Reamer Model in Solving Ethical Dilemma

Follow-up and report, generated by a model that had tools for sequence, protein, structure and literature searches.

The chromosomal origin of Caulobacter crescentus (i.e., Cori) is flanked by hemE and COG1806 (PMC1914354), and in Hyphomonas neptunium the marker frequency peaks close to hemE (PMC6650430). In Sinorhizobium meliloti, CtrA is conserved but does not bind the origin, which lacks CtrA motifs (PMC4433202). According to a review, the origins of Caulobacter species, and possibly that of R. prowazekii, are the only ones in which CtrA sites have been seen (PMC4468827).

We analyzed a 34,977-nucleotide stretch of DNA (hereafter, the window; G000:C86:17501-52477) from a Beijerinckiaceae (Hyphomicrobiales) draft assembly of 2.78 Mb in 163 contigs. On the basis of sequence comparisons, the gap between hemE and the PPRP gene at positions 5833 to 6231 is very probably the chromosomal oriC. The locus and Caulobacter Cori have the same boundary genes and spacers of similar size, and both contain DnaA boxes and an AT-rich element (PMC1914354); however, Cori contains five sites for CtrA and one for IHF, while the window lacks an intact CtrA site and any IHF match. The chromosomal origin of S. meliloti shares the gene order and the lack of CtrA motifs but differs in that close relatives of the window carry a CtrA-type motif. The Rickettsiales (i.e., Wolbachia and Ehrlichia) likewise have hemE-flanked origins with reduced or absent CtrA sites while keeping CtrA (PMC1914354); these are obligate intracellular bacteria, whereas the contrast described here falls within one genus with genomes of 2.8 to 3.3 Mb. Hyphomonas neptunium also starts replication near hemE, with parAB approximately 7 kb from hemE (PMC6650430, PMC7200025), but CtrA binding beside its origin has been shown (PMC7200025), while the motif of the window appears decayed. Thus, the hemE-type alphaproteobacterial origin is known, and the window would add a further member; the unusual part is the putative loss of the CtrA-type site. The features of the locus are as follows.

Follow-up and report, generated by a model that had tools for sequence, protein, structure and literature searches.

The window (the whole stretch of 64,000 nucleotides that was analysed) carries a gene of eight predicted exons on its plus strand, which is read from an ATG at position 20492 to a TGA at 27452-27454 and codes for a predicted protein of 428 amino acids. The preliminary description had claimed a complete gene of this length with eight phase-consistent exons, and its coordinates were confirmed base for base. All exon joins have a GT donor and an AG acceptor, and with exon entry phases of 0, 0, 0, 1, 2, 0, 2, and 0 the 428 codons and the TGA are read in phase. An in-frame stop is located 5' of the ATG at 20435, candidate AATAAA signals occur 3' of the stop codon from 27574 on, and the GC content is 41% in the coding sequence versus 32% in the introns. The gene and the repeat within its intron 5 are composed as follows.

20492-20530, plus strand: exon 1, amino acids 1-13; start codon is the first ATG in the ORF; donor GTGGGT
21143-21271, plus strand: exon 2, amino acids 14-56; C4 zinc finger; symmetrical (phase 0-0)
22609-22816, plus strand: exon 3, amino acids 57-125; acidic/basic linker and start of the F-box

Please read and review the ethical framework guideline of Reamer for analysis of an ethical dilemma. Please read case below from the Case Studies Social Work Practice book. What is the ethical dilemma that is presented to you? Use the Reamer model to apply the decision-making process in solving the ethical dilemma. THE CASE OF MAI Mai Khang 2 was a 15-year-old Hmong American girl who presented with frequent and serious suicidal gestures and episodes of aggression. Upon referral to a social work team that provides intensive, in-home, behaviorally oriented services, it was reported that she drank small amounts of toxic chemicals (e.g., bleach, nail polish remover, laundry detergent) two to three times per day and assaulted her mother or father roughly one to two times per day. Mai frequently ran away from home and “hooked up with undesirable strangers.” It was also noted that she had, on occasion, threatened to kill her parents with an axe. The mental health therapist who referred her for behavioral intervention had given her a diagnosis of major depressive disorder with psychotic features, largely as a result of her reported visual and auditory hallucinations and suicidal ideations. The behavioral specialists began, with the assistance of a Hmong-speaking interpreter, to attempt engagement with Mai’S monolingual Hmong-speaking mother and father. The initial focus of services was on specifying the girl’S high-risk behaviors and on developing a preliminary safety plan. The workers subsequently conducted a functional behavior assessment that defined the frequency and nature of the child’S target behaviors, as well as their antecedents and consequences. Through this process, it was observed that Mai’S aggressive and self-injurious behaviors were usually triggered by rejection by a “boyfriend,” limit setting by her parents (particularly with regard to phone use), or boredom (her access to age-appropriate activities was limited because of her parents’ unwillingness to transport). The typical consequence of her acting-out behaviors was determined to be increased access to the people, places, and attention she desired. Thus, these dangerous behaviors were thought to express an underlying need for connection and belonging with others. Consistent with this assessment, the behavior specialists initiated strategies aimed at increasing Mai’S access to recreational and peer-based activities in the community (e.g., Boys’ and Girls’ Club programs, youth group at Hmong Community Center). A safety plan was also developed to decrease her access to toxic solutions and “undesirable” strangers. With the assistance of the Hmong interpreter, her parents were encouraged to closely monitor her whereabouts at times when she was likely to sneak out of the home (late at night), limit her access to the phone, and utilize a behavior chart for tracking nonaggressive behavior. In addition, a system of positive reinforcement was set up in which Mai’S parents were asked to reward her with stickers and other tokens when she behaved in a safe and responsible manner. None of these interventions proved successful. Mai refused to attend peer-related activities in the community. Her parents did not follow through with the behavior management systems recommended, despite their reported willingness to do so. They continued to assert that Mai was of an age to be married and cared for by a husband, who would deal with her need for structure. Eventually, the service providers concluded that they were stuck. Not having a full understanding of the values and practices of the Hmong culture, they were operating in the dark and making little headway toward managing the risk involved with Mai’S behavior. These workers sought out the assistance of a cultural consultant, who contracted with the County Department of Mental Health to provide input to mental health providers regarding culturally specific issues that can impact a Hmong client or family’S progress in treatment. Upon referral by the County Department, the Hmong psychiatric consultant contacted the service providers on this case to gain basic information regarding the need for his services. Next, this consultant conducted several meetings at the provider’S office, the first of which was held with the child recipient of services. He subsequently met with Mai’S mother and sister-in-law and elicited information regarding their perspectives of her behavioral challenges. Finally, he debriefed with the primary providers, at which time he shared his findings and offered recommendations. As a result of this experience with consultation, the primary social workers learned a great deal about faulty assumptions they had made that contributed to poor progress on the part of the child and family. Those incorrect assumptions were as follows: Mai’S language of choice was English. It was apparent to the consultant that, although Mai is bilingual (Hmong One of the most striking insights that emerged out of the cultural consultation process concerned the parents’ interpretation of Mai’S symptoms and behaviors. It was revealed that they understood her high-risk behavior to be an indication of her call into shamanism, a form of healing that originated more than 10,000 years ago. The primary providers learned that, according to Hmong tradition, the call to shamanism occurs through the visitation of spirits. Typically, a young person is summoned to this vocation during a psychic or spiritual crisis that accompanies a physical illness. By overcoming the disease, the youth reportedly acquires the ability to heal others with compassion. In the Hmong community, the shaman is revered and thought to serve as a bridge between the material and spiritual worlds (The Split Horn, n.d.). Mai’S parents reported that an elder shaman had once confirmed that she had, in fact, been called into this profession. Because they respected her emerging role as a shaman, Mr. and Mrs. Khang did not wish to curtail her risky behaviors entirely; they merely wanted to keep her alive and free from serious harm. Mai, on the other hand, was not convinced that she was a shaman and appeared anxious when the topic was raised. Once the primary providers demonstrated their ability to discuss shamanism with her in a nonjudgmental manner, her discomfort with this subject began to dissipate. It is always appropriate to enter Mai’S house for a home visit if a family member answers the front door. The cultural consultant clarified for the workers that when a cluster of green leaves is found hanging on the front door, it is a signal that spiritual cleansing is taking place within the home. This ritual, referred to as caiv, is performed to protect the family from evil spirits. It was advised that when the team encountered this type of leafy display that they avoid entering the house; otherwise, they would disrupt the ritual, resulting in a need for the family to reinitiate the cleansing process. Based on these new insights, the behavioral specialists reconceptualized the therapeutic needs of Mai and her family. They redefined the function of her aggressive and self-harmful behavior as expression of her need to resolve identity confusion and attain validation within her family and cultural community. Consequently, their interventions focused on the following: The use of written narratives and scrapbooking. These activities were done to assist Mai in ethnic identity formation and goal-setting. Through this process, she identified an interest in pursuing a career as a translator, teacher, or mortician (interestingly, all aspects of the role of shaman). Joining with the family by recognizing their cultural beliefs and customs. The workers made an increased effort to recognize the family’S beliefs and traditions. They began noticing and asking about pictures in the home that depicted extended-family celebrations. In addition, they expressed an interest in learning more about shamanism from Mai and her parents. Consequently, family members welcomed visits by the providers and appeared more open to input and suggestions aimed at managing Mai’S behavior. Building skills in emotions regulation. Mai was taught how to formulate and utilize coping statements (e.g., “I can find something positive to do when I am bored,” “I can control myself when I am mad,” and “I don’t need a boyfriend to be happy”). Social skills were also taught and practiced to prepare her for connection to age-appropriate social activities. Following this shift in strategy on the part of the behavior specialists, Mai made substantial progress. She learned how to access reading material at the public library and discovered a particularly strong interest in Hmong literature. Most importantly, she evidenced marked improvements in her behavior. Although Mai continued to leave the home at times without permission, incidents of self-harm diminished, and she displayed a newfound ability to control her aggression. When the providers neared completion of services, a Hmong-speaking staff member from their agency interviewed Mai and her parents with the intent to explore the extent to which they observed a change in the nature of service delivery subsequent to the implementation of cultural consultation. The family reported that the cultural consultant encouraged them to use the therapeutic services available, thereby granting implicit permission for them to accept help from members outside of their cultural community. Mai and her parents all noted that following the meetings with the cultural consultant, the primary workers appeared more open to  their culture and respectful of their customs. Mr. and Mrs. Khang also stated that, over time, the providers began encouraging them to use their cultural practices to help Mai decrease her dangerous behaviors. They recognized these workers for not giving up on them or their daughter and expressed their gratitude and appreciation for services rendered. and English), she much preferred speaking in Hmong. When communicating in English, she often had difficulty grasping certain concepts that were being relayed by the English speaker. Mai’S parents understood her target behaviors to be dysfunctional and wanted them to stop.